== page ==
Karl Ferdinand von Gräfe

Karl Ferdinand von Gräfe,[a] (March 8, 1787 – July 4, 1840), was a German surgeon from Warsaw.[1]

Lithograph of Karl Ferdinand von Gräfe

He was the father of ophthalmologist Albrecht von Graefe (1828–1870) and grandfather of politician Albrecht von Graefe (1868-1933).[citation needed]


Gräfe studied medicine at Halle and Leipzig, and after obtaining his licence from Leipzig, he was in 1807 appointed a private physician to Duke Alexius of Anhalt-Bernburg. In 1811, he became a professor of surgery and director of the ophthalmological institute at the University of Berlin. His lectures at the University of Berlin attracted students from all parts of Europe.[2] During the Sixth Coalition against Napoleon, he was a superintendent of military hospitals.[3]

When peace was concluded in 1815, Gräfe resumed his professorial duties. He was also appointed physician to the general staff of the Prussian army, and he became a director of the Friedrich Wilhelm Institute and of the Medico-Chirurgical Academy (Charité).[2]

Gräfe died suddenly at Hanover, where he had been called to operate on the eyes of the crown prince.[2] His grave is preserved in the Protestant Friedhof II der Jerusalems- und Neuen Kirchengemeinde (Cemetery No. II of the congregations of Jerusalem's Church and New Church) in Berlin-Kreuzberg, south of Hallesches Tor.

He was a pioneer of plastic and reconstructive surgery, and a founder of German rhinoplastic surgery. He developed his own techniques in regards to rhinoplasty, being modifications of the Italian methods of Gasparo Tagliacozzi (1545–1599) as well as Indian surgical practices from long ago.[4][5] He also made contributions towards the development of cleft palate repair,[6] and was a pioneer of eyelid surgery, coining the term "blepharoplasty" in 1818.[7][8] He is also reputed to have carried out the first reported clitoridectomy in the Western Europe, which was done on a teenage girl regarded as an "imbecile" who was masturbating.[9]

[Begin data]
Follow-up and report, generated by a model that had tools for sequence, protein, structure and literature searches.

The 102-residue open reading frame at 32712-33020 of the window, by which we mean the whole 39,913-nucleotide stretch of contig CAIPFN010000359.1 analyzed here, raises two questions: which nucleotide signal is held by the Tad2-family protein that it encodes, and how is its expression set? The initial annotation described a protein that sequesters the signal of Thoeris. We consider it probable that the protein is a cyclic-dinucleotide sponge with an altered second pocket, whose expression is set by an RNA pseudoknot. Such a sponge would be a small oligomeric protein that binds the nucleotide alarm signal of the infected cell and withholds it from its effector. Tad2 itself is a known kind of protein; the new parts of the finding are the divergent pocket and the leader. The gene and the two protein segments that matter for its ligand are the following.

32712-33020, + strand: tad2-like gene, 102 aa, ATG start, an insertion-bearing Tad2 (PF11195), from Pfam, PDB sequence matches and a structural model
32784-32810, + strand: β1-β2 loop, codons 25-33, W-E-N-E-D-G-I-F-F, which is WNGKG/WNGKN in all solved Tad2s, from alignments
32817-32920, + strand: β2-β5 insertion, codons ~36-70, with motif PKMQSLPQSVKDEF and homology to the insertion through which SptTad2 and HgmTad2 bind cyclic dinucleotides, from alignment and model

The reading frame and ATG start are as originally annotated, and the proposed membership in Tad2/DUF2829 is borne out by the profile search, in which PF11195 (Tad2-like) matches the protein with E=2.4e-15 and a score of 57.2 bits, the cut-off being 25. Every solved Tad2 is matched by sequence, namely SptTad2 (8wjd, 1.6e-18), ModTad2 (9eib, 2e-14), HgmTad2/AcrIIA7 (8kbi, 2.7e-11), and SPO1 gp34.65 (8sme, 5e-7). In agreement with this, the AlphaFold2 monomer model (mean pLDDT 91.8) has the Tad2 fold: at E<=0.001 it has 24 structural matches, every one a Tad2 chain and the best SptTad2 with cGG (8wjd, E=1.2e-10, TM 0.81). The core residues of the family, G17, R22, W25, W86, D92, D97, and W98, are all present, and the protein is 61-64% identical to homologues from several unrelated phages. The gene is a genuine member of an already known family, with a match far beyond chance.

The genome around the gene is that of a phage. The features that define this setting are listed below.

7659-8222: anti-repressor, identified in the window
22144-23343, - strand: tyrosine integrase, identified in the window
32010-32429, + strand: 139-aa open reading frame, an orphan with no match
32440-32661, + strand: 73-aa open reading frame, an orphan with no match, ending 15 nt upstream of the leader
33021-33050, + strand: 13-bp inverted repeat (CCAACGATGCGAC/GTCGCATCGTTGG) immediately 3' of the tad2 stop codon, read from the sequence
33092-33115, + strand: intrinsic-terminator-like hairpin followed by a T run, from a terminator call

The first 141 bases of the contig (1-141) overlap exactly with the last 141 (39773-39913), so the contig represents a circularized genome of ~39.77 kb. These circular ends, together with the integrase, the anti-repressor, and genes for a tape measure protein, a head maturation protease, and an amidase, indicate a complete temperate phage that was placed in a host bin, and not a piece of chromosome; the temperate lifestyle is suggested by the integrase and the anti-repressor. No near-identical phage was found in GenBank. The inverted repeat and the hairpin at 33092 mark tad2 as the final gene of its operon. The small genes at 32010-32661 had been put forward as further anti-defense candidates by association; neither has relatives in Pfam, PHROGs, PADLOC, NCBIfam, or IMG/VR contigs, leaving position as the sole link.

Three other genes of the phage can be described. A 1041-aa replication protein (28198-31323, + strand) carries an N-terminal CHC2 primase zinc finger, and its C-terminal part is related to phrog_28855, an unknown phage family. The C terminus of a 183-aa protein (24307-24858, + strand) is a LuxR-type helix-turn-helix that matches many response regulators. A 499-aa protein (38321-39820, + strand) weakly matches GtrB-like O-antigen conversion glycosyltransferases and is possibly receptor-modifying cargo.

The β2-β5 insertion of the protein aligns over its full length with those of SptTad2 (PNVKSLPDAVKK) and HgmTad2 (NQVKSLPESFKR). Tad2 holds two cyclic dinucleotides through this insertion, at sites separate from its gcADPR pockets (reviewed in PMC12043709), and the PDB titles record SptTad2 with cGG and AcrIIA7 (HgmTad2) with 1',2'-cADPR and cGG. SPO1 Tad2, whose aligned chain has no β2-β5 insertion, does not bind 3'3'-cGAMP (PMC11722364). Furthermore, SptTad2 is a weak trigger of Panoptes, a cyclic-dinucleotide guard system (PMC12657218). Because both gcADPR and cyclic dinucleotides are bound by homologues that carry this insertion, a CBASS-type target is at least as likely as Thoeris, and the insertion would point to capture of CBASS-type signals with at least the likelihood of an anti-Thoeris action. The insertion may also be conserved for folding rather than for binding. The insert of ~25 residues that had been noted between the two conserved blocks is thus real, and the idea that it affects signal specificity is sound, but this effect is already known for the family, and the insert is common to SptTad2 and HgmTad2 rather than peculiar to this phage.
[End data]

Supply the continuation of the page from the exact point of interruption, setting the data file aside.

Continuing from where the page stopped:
Gravesite of Karl Ferdinand von Gräfe at the Friedhof II der Jerusalems- und Neuen Kirche in Berlin


The following are his principal works:[2]

  • Normen für die Ablösung größerer Gliedmaßen (Berlin, 1812) – Standards for the removal of larger limbs.
  • Rhinoplastik (1818) – Rhinoplasty.
  • Neue Beiträge zur Kunst, Teile des Angesichts organisch zu ersetzen (1821).
  • Die epidemisch-kontagiose Augenblennorrhoe Ägyptens in den europäischen Befreiungsheeren (1824) – The epidemic involving ophthalmic blennorrhea in Egypt affecting the European liberation armies.
  • Jahresberichte ber das klinisch-chirurgisch-augenarztliche Institut der Universität zu Berlin (1817-1834) – Annual reports on the clinical-surgical-ophthalmology institute at the University of Berlin.

With Philipp Franz von Walther, he edited the Journal für Chirurgie und Augenheilkunde.[10]


  1. ^ Gräfe is often Anglicized to Graefe (See the article on Ä).
  1. ^ Chisholm 1911, p. 315.
  2. ^ a b c d Chisholm 1911, p. 316.
  3. ^ Chisholm 1911, pp. 315–316.
  4. ^ Manual of Head and Neck Reconstruction Using Regional and Free Flaps by Boban M Erovic, Piero Lercher
  5. ^ The Atlantic Medical Weekly, Volumes 3-4
  6. ^ The Medical Almanac: A Calendar of Dates of Significance to the Profession ... by Pasquale Accardo
  7. ^ Subramanian, N (2008). "Blepharoplasty". Indian J Plast Surg. 41 (Suppl): S88-92. PMC 2825121. PMID 20174547.
  8. ^ Advanced Therapy in Facial Plastic and Reconstructive Surgery by J. Regan Thomas
  9. ^ Shorter 2008, p. 82; Elchalal 1997, pp. 643–651.
  10. ^ Chisholm 1911, p. 316 cites Michaelis 1840


  • Michaelis, E. (1840). Karl Ferdinand von Gräfe in seiner 30 jahrigen Wirken für Staat und Wissenschaft. Berlin.
  • Elchalal, Uriel; et al. (October 1997). "Ritualistic Female Genital Mutilation: Current Status and Future Outlook". Obstetrical & Gynecological Survey. 52 (10): 643–651. doi:10.1097/00006254-199710000-00022. PMID 9326757.
  • Shorter, Edward (2008). From Paralysis to Fatigue: A History of Psychosomatic Illness in the Modern Era. New York: Simon and Schuster. p. 82.


Further readingEdit